Thursday, December 11, 2003

I've found myself in a writing frenzy lately.

I kept hearing about this National Novel Writing Month that took place in November, and of course never being one to follow the crowd, I am taking the philosophy of it into December. Okay, I just didn't hear about it until it was well underway, so I started in December. Plus, reading Francesa's success with the method got me inspired. Based on their goals, it bases your progress by a set goal of words written per day in order to reach the 50,000 mark by the end of the month. I did the math for December, and I think that puts me at around 1800 words per day. Sometimes I make it, other times I pass it, and sometimes I don't. I always have the number in mind of where I'm supposed to be.

Surprisingly, this method sets you free in a way, as you're concentrating on that goal of so many words. As a result, your writing really loosens up and gets wonderfully creative. And that's when it happens, the words on your screen blur because you are not beating your head against your desk to think of a story, but watching it unfold in front of you. The hole in your screen appears into the world of your story, and your fingers work like mad to type down what you see. From people's smiles, needs, past, their hair color, cadence, fears, houses, conversations, and most importantly, the story in which they participate. The story that's been floating around in your head as you drive to work, shower, shelve books, walk around naked in your apartment, ring up customers, walk to your mother's to watch Queer Eye, sip your mocha inside starbucks. The story that has you reciting the conversations of your characters just inaudible enough to not be accused at the grocery store of talking to yourself as you grab the sheep's milk feta cheese off the shelve in the refrigerated section. That story. The one that won't leave you alone and taps your shoulder every now and then because like Glenn Close in the movie Fatal Attraction, it will not be ignored.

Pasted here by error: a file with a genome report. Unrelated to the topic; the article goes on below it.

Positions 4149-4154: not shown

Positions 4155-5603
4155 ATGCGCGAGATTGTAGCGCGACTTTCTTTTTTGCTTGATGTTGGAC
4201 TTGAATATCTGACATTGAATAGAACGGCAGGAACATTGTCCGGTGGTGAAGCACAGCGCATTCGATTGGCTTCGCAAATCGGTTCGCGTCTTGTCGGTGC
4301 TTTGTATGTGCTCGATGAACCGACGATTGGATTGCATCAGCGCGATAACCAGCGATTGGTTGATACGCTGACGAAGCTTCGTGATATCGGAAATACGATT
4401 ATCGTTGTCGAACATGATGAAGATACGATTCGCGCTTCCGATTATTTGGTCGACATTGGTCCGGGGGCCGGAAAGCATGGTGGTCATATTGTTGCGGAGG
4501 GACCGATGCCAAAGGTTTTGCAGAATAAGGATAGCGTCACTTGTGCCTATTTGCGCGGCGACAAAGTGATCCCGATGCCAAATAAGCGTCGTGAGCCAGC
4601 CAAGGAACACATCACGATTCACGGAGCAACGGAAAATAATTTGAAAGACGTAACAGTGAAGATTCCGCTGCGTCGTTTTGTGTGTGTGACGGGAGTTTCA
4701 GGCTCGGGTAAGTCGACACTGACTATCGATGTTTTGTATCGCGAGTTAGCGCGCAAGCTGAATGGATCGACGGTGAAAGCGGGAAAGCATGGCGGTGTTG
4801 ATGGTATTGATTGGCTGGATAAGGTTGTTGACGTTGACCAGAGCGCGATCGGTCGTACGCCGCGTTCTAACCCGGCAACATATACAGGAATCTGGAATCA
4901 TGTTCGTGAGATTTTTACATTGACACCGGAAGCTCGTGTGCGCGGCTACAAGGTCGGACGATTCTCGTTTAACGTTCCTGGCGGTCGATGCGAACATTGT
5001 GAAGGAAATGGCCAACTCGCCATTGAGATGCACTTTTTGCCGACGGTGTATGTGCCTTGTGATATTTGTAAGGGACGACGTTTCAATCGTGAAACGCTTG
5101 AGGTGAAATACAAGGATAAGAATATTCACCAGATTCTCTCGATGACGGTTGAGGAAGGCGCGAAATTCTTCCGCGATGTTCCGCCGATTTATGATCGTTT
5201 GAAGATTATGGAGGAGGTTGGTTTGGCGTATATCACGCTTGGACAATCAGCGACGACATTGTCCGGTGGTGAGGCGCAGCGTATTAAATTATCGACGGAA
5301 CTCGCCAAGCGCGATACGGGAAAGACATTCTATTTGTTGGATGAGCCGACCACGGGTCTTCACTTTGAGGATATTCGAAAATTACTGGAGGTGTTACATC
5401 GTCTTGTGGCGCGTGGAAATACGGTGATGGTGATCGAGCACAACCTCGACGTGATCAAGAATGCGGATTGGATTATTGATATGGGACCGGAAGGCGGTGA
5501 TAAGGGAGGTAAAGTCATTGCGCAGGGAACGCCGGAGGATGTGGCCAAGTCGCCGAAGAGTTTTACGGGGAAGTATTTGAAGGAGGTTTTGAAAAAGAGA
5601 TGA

I used to concentrate on pages as goals, and that always left me frustrated. For some reason, a word goal gets to the heart of the matter. After all, writing is about words and getting them down on the paper. Or in my case, the screen. Anne Lamott has a book about writing called Bird by Bird, and has a chapter called Shitty First Draft. So this is my shitty first draft, meaning that this time it's about the words, and letting them fill the pages without the worry of the criticizing editor standing over my shoulder.

I've let my characters show me the way this time. I type, because I'm following their lead. Yes, it's all coming from my head, but what's amazing is that it doesn't feel that way. All of a sudden, I've let go of all restraints, and have let my story walk 1800 steps a day while I tag along with it. And suddenly, writing feels so light and easy. I don't care if I'm the only one who ever reads it or if the story just plain sucks. It's my creation, and the important thing is that I'm letting it happen in its pure, untainted beauty. I'm letting it out of my head to explore, and like building my Halloween costume, even though I'm wandering into unfamiliar territory with some of the subject matter, I know exactly what I'm doing.

I guess I've stumbled upon that next project that I was needing.

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